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Re: Multiplicity, Change and MV

From: DonR <donr_work_at_yahoo.com>
Date: 23 Apr 2006 20:58:34 -0700
Message-ID: <1145851114.471663.104890@g10g2000cwb.googlegroups.com>


Bob Badour wrote:
> Jan Hidders wrote:
>
> > B Faux wrote:
> >
> >>[...] Just Google the recent experience of Reynolds and
> >>Reynolds in their attempt to shift their product from an MV implementation
> >>to an SQL implementation (I believe they flushed more than 60 million
> >>dollars down the drain with zero deliverable to show for it.)
> >
> >
> > Unless you can tell us with certainty what went wrong in this case this
> > doesn't even qualify as anecdotal evidence. For all we know the problem
> > was that the MV product they used let's you get away with so much
> > sloppy data modelling that at this time all hope of turning it into a
> > well-structured one was lost.
> >
> > -- Jan Hidders
>
> Not to mention the high probability they employed people whose cognitive
> abilities were long ago destroyed by Pick use in the implementation.

I think you have made it quite clear that you think ALL pick programmers/users are stupid. I don't think that attitude contributes anything to this discussion. Calling people idiots does not make you look smart, just the opposite, it makes you look like a jerk.

The company I work for has some first hand knowledge of Reynolds & Reynolds. I think the GUI/RM/SQL based product was not build by the Pick programmers, so you comments are meaningless. After a period of time, they were unable to convince current or new customers to use the new product. I don't know why, maybe 10,000 car dealers are all stupid and just want to continue using stupid Pick based software. ;-) By the way, if you ask the car dealers what database they are using, most would say R&R and they may never have heard of Pick. They buy the product because it works.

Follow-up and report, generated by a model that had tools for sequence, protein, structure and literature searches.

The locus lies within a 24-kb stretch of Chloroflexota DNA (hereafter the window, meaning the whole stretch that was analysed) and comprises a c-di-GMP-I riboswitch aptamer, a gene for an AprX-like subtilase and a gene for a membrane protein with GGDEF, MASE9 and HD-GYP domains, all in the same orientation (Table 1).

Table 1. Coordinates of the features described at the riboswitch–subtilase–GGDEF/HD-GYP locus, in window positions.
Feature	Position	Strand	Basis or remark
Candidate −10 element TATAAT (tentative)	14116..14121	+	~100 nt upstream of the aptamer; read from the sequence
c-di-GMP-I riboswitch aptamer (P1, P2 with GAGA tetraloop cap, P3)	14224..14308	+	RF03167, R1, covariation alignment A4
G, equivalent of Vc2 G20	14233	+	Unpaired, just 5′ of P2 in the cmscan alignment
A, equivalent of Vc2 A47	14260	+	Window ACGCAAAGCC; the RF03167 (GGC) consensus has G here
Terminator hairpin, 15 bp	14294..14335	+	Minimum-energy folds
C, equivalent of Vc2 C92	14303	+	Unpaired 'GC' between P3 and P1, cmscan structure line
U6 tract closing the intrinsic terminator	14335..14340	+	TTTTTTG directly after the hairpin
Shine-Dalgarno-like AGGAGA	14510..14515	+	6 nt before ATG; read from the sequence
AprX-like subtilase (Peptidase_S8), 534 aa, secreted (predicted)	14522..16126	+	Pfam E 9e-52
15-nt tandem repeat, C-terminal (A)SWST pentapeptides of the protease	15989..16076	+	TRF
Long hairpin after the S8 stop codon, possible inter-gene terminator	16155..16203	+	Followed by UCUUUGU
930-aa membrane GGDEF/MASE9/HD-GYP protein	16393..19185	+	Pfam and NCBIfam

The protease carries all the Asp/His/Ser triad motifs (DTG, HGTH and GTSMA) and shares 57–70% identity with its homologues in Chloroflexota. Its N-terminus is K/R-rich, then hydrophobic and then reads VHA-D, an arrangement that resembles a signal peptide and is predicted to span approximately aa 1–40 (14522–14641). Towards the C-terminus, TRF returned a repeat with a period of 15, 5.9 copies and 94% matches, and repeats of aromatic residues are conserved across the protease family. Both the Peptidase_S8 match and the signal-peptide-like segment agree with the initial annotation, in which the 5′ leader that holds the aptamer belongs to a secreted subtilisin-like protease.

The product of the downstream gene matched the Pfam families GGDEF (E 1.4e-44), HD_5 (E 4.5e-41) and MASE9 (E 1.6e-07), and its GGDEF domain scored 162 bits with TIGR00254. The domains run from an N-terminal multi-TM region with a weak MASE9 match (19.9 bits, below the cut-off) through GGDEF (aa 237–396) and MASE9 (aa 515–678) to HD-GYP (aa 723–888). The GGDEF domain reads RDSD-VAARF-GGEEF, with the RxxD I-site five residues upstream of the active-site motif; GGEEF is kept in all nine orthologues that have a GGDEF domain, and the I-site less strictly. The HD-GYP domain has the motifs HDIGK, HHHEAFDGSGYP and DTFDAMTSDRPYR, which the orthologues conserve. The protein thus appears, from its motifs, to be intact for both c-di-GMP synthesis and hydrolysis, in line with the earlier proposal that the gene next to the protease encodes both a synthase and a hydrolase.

I have worked on several and the owners of the business like them because they (the owners) are cheap bastards that would rather spend their money on something that works instead of somehting that "in theory" might work. Most Pick users are medium sized companies and have one or two people running the IT department. One company I'm very fimilar with is a wholesale & retail auto parts company. They have about 100 stores and an IT staff of two, one of them maintains the Pick system, the other one maintains PC's and the network. If they had a SQL system, how many RM/SQL people would be needed for that size company?

Some of the Pick users have less than one person running the system. The point of this is that Pick systems are cheaper to operate and maintain and this is the reason the owners like them. Pick programmers like Pick because we can make changes quickly. One company I worked for operated a real time* stock trading company and made changes to on-line programs on the fly. Yes, scary, but they loved it. * The Stock traders expected very quick response as stock prices can change in an instant.

How many Pick projects have you worked on?

The main downside to being a Pick programmer is that we only get paid about half as much as a SQL DBA. Ah, maybe that does make us stupid. :-)

Pick software is a tool and can be used by dumb people to write dumb software or by smart people to write good software. As Mr. Pick reportedly said, "I give them a long rope".

Cheers,
Don
Proud to be a Pick programmer. Received on Sun Apr 23 2006 - 22:58:34 CDT

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